Navigating the GenAI Impact: Which Jobs Are Most Vulnerable? 

The impact of AI has grown significantly in all spheres of our lives, but can it truly replace real jobs? The latest report by Indeed showed that regardless of its impact, only a relatively small fraction, 19.8%, of jobs are deemed "highly" susceptible to GenAI, indicating that while this technology can acquire the ability to carry out specific tasks within certain roles, it is unlikely to entirely replace a significant number of jobs.

Indeed has published the Indeed AI at Work Report, which comprehensively examines the influence of Generative Artificial Intelligence (GenAI) on jobs and the corresponding skill requirements. The research concludes that all jobs listed on Indeed, spanning various fields, such as truck driving and software engineering, have skills that can be performed or enhanced with GenAI.

“There’s no doubt GenAI is a powerful leap in technology that will impact all jobs, particularly those within the tech sector, and the labor market as a whole. Our research shows that GenAI is less likely to replace an entire job, but rather serve as a tool to augment or streamline parts of a job. Going forward, we’ll likely see a variety of jobs reworked and reimagined by employers, including new jobs being created over time because of GenAI’s fast-growing influence,” said Svenja Gudell, Chief Economist, Indeed.

Indeed's AI at Work Report analyzed over 55 million job listings on their platform and evaluated 2,600 job skills to determine the extent of exposure to Generative Artificial Intelligence (GenAI) for various jobs and the corresponding skill requirements.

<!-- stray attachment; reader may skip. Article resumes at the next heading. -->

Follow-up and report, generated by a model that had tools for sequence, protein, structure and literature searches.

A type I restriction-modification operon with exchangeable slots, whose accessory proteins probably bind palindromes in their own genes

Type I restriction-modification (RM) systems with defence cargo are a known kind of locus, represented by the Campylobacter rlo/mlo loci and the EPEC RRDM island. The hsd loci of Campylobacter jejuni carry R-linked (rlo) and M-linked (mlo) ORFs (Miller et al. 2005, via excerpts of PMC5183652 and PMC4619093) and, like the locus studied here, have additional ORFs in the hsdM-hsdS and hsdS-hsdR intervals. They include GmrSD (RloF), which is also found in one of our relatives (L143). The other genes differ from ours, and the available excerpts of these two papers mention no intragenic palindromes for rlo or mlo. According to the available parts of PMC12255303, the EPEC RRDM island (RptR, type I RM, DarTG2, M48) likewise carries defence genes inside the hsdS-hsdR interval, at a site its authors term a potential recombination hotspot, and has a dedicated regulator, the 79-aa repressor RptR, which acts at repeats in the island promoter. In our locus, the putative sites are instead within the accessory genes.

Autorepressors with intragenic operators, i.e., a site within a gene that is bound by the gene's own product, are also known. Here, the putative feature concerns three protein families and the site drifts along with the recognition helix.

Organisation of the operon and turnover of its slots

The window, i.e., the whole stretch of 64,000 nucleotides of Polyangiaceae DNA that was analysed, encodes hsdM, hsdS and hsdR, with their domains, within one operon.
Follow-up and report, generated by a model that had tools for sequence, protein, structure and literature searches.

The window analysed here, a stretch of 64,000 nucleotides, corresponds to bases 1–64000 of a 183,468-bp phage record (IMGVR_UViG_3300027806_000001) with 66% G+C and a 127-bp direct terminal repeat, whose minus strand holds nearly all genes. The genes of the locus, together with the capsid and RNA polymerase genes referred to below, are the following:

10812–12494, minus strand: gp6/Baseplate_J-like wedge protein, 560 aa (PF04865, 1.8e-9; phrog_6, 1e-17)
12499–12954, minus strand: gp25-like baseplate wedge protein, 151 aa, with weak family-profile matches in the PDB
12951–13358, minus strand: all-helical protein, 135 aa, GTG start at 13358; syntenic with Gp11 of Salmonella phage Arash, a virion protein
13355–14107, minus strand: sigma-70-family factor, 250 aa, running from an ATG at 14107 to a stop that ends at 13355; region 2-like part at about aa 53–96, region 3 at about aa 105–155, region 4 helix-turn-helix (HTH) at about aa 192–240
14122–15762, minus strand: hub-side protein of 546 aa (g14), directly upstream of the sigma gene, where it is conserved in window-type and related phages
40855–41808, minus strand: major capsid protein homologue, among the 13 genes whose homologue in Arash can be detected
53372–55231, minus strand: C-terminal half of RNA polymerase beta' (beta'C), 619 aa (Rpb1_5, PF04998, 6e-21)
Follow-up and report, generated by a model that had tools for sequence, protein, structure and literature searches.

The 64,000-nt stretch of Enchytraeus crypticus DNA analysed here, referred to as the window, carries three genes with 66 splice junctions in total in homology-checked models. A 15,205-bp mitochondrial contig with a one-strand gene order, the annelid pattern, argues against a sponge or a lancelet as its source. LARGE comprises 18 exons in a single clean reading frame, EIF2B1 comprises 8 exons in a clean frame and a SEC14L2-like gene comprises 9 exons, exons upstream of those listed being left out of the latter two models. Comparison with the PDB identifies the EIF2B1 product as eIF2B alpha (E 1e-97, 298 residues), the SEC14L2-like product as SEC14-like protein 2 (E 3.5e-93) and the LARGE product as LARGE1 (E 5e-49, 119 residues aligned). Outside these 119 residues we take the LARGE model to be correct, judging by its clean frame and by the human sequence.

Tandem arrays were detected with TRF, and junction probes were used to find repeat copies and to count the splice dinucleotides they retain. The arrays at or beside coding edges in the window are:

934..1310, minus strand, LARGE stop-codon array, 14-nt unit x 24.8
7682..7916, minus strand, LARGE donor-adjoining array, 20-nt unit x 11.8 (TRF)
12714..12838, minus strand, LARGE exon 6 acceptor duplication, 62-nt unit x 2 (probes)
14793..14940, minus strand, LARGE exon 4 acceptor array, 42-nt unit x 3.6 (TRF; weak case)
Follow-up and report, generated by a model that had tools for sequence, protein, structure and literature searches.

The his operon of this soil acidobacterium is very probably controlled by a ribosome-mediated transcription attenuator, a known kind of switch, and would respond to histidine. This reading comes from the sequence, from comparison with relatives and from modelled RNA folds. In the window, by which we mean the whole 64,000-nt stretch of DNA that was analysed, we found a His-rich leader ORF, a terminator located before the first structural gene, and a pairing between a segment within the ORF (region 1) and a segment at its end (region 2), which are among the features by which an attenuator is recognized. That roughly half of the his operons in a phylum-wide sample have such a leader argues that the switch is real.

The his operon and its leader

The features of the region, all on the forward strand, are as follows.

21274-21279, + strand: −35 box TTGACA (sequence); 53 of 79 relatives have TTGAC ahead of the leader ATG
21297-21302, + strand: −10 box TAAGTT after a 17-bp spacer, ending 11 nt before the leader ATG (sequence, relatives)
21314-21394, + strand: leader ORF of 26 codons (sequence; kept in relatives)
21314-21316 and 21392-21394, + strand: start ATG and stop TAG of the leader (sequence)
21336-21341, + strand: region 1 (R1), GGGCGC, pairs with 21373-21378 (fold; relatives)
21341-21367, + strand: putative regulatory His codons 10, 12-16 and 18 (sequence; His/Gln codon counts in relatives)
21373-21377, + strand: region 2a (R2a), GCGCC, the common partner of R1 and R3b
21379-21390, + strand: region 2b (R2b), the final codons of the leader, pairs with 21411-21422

The analysis revealed that software development roles had the highest potential exposure, with GenAI excelling in 95% of the skills mentioned in job listings. Conversely, driving jobs like truck and taxi drivers had the lowest potential exposure, with GenAI proficient in less than a third (29%) of the skills mentioned. Retail positions fell in between, with GenAI handling 57.6% of the required skills effectively.

Levels of AI exposure to different jobs  

Indeed's AI at Work Report revealed that of all jobs listed on Indeed, approximately 19.8% are highly exposed to Generative Artificial Intelligence (GenAI). This classification means that GenAI is proficient, rated as "good" or "excellent," in performing 80% or more of the skills typically mentioned in job postings. Additionally, 45.7% of jobs on Indeed are moderately exposed to GenAI, indicating that GenAI can perform between 50% and less than 80% of the required skills for these positions.

Furthermore, 34.6% of jobs on the platform are categorized as low or minimally exposed to GenAI, indicating that GenAI can perform less than 50% of the skills required for these roles.

Among the various job categories, software development jobs emerge as having the highest potential exposure to GenAI augmentation. In software development postings, GenAI demonstrates proficiency, rated as "good" or "excellent," in an impressive 95% of the required skills, encompassing a wide range of technology and business operations skills.

In contrast, driving-related jobs, such as truck and taxi drivers, have the least potential impact from GenAI. GenAI is proficient in only 29% of the skills mentioned in job listings for these roles. While GenAI exhibits proficiency in language and communication skills, its performance in vehicle operation skills is notably lacking.

Furthermore, the report highlights that GenAI excels in technical skills and jobs but falls significantly short in areas that require intuition reasoning or involve in-person and manual work. Interestingly, jobs with the least potential exposure to GenAI, including driving, cleaning and sanitation, and beauty and wellness positions, also tend to have the lowest potential for remote work. The report indicates that the more a job can be performed remotely, the higher its potential exposure to transformative changes driven by GenAI.